2009 Yamaha TT-R125E/LE
In 2009 Yamaha keeps both kids and adults riding hard on those trails with the two most notorious Yamaha 125cc dirt bikes ever, the TT-R125E and TT-R125LE. There is no wonder they’re beloved as fun, excitement and ease of use are there three most important features. How’s that for a new bike?
2009 Yamaha TT-R125E/LE
Engine:air-cooled SOHC 4-stroke; 2 valves
Transmission:Constant-mesh 5-speed; multiplate wet clutch
Horsepower @ RPM:9.80 HP (7.2 kW)) @ 8000 RPM
Torque @ RPM:9.85 Nm (1.0 kgf-m or 7.3 ft.lbs) @ 6500 RPM
Top Speed:60 mph
Addressed to everybody who wants to develop off-road riding skills or simply feels like having loads of fun on a bike from which they can really get the best out of, the two TT-R models come with the awesome-performing 125cc air-cooled SOHC 4-stroke, two-valves engine and the impressive YZ design that will surely have teenagers beg daddy for it.
And if they actually have their wishes accomplished, there will be no problems with controlling the bike. Having a seat height of less than 32 inches, it can be kept well under control by all kinds of riders, but we also have to consider its serious ground clearance (over 10 inches) and long-travel suspension.
Both models are fitted with an electric starter and mechanics don’t differ much as you can see by checking out the specs sheet. But what you’ll notice different is the fact that the “E” model features a 17-inch front and 14-inch rear wheel while the “LE” stands out higher with 19-inch front, respectively 16-inch rear wheel dimensions. This last model also comes with longer rear travel suspension (6.6-inches instead of 6.3-inches on the “E”) and a 220mm front brake disc. Ground clearance is also bigger in the case of the “LE” (11.6-inches instead of 10.4-inches on the “E”).
Even though not very different the one from the other, they do manage to offer the same kind of excitement, but at whole different levels.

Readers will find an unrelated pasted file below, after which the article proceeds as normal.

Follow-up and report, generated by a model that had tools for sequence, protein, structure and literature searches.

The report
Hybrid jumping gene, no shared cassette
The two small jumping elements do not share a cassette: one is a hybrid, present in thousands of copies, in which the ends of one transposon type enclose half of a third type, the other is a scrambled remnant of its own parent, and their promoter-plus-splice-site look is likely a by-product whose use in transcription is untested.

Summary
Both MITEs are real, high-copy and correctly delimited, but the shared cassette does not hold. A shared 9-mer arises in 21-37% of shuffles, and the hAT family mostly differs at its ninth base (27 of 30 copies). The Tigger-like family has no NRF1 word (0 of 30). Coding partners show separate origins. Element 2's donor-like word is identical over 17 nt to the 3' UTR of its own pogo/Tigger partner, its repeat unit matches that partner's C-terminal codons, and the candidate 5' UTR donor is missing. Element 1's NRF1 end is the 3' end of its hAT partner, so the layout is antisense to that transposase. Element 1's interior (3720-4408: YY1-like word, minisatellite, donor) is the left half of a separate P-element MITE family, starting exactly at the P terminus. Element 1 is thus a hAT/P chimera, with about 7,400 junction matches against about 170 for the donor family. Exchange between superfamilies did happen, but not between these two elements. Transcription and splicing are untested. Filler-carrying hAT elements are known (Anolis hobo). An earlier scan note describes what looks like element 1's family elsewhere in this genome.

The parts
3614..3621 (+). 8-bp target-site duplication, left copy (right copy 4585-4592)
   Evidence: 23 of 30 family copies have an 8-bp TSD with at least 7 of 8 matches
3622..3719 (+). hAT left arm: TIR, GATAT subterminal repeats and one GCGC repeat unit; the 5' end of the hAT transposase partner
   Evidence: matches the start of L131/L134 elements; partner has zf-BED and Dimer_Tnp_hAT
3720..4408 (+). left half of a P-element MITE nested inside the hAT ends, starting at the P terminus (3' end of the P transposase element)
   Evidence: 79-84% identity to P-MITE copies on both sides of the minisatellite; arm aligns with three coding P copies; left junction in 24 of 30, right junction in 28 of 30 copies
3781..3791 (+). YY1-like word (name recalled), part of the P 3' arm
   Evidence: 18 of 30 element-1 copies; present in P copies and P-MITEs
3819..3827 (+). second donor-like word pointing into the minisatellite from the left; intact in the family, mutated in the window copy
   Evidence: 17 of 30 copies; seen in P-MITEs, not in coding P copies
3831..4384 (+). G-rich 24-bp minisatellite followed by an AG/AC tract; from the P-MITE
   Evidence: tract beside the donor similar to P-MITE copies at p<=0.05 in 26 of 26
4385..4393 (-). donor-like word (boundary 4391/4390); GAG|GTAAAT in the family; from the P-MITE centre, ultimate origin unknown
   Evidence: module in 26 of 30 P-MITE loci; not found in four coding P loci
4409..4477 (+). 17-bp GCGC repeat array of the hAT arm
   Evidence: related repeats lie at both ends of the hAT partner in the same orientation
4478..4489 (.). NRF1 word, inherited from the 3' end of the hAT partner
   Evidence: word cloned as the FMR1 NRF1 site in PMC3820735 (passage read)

Yamaha had orientated on entry-level dirt bikes in 2000, which is relatively late, considering that kids have to be hooked up from the very first start in order to remain faithful to a certain manufacturer. But the TT-R125 had come to conquer this category and it did it with its light weight and user-friendly four-stroke power.
Properly balanced, reliable and a real companion on small rider’s evolutionary graphic (whatever that may be), the TT-R125 came in two different size versions, the second featuring an “L” at the end of the bike’s name which stood for larger wheels on the actual motorcycle. The TT-R125L also had a 1.2-inches taller seat height (30.1-inches on the simple TT-R).
Using this simple and efficient recipe, Yamaha managed to sell more such bikes than it could have with a single version. And the best thing for this manufacturer is that it didn’t even needed to radically upgrade these bikes, but simply bring them up to date with decals and stylistic features as the YZ models changed during the years.
For the same price, Suzuki offers the greatest opponent for the TT-R125E, the DR-Z125 ($2,699). The Suzuki draws its roots from the RM-Z motocross bikes, but only in what concerns the visual aspects. The engine is still the 125cc four-stroke, air-cooled, OHC and the brakes feature drums instead of discs, just like on the Yamaha.
You can buy the Suzuki DR-Z125L for 100 bucks less than the TT-R125LE. The $2,899 MSRP says a lot of this maker’s marketing strategy and, as the TT-R125LE, the DR-Z125L comes with larger wheels and disc brakes up front.
Kawasaki is in for more power and speed with the KLX140 and KLX140L. They get it out in both cases from the 144cc four-stroke, SOHC, two-valve single. The difference here is that the small bike features disc brakes (220mm single petal disc) on its 17” front wheel as well as on its 14” rear one (186mm single petal disc). All that for only $2,799!
In the case of the KLX140L, the wheels grow bigger (19-, respectively 16-inch), as well as the MSRP ($3,099).
The critics would say “decals changed and that’s all folks”, but we’re not like that. What we must admit is that, stylistically, the bikes have a fresher feel for 2009, even though mechanically they are pretty much the same.
Easy to be confused with motocross bikes as they don’t feature a headlight, but only a number plate, the 125cc TT-R models don’t disappoint in any matter. The low positioned front fender gives a clue about it not being designed for the track, but more for the trails and that is noticeable only when jumping with it hard enough.